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Measuring the Trends in Inequality of Individuals and Families: Income and Consumption

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  • Jonathan D. Fisher
  • David S. Johnson
  • Timothy M. Smeeding

Abstract

We present evidence on the level of and trend in inequality from 1985-2010 in the United States, using disposable income and consumption for a sample of individuals from the Consumer Expenditure (CE) Survey. Differing from the findings in other recent research, we find that the trends in income and consumption inequality are broadly similar between 1985 and 2006, but diverge during the Great Recession with consumption inequality decreasing and income inequality increasing. Given the differences in the trends in inequality in the last four years, using both income and consumption provides useful information.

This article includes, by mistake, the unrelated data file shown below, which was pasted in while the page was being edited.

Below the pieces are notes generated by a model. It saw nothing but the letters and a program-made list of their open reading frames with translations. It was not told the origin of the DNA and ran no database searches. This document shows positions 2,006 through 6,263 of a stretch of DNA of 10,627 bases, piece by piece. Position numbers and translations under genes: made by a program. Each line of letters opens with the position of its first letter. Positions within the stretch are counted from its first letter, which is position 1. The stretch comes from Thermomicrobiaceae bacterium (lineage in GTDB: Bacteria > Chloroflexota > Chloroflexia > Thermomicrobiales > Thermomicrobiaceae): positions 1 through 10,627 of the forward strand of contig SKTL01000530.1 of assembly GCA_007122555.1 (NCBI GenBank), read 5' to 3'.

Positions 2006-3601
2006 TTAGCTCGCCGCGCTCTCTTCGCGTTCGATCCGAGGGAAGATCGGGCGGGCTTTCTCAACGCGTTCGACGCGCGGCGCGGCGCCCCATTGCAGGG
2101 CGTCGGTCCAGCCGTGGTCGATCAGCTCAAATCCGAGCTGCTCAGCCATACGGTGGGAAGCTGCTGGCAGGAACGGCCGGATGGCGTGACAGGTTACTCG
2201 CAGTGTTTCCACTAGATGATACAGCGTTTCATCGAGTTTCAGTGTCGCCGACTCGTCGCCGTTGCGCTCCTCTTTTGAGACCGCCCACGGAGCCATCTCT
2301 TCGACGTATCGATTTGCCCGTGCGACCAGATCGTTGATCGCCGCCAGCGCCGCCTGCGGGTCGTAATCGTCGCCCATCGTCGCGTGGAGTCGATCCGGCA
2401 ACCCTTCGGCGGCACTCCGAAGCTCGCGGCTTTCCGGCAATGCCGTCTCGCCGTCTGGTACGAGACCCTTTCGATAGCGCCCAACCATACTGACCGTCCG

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Bibliographic Info

Article provided by American Economic Association in its journal American Economic Review.

Volume (Year): 103 (2013)
Issue (Month): 3 (May)
Pages: 184-88

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Handle: RePEc:aea:aecrev:v:103:y:2013:i:3:p:184-88

Note: DOI: 10.1257/aer.103.3.184
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  1. Stephen Jenkins & Richard Burkhauser & Shuaizhang Feng & Jeff Larrimore, 2009. "Measuring Inequality Using Censored Data: A Multiple Imputation Approach," Working Papers 09-05, Center for Economic Studies, U.S. Census Bureau.
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Cited by:
  1. Lakner, Christoph & Milanovic, Branko, 2013. "Global income distribution : from the fall of the Berlin Wall to the great recession," Policy Research Working Paper Series 6719, The World Bank.

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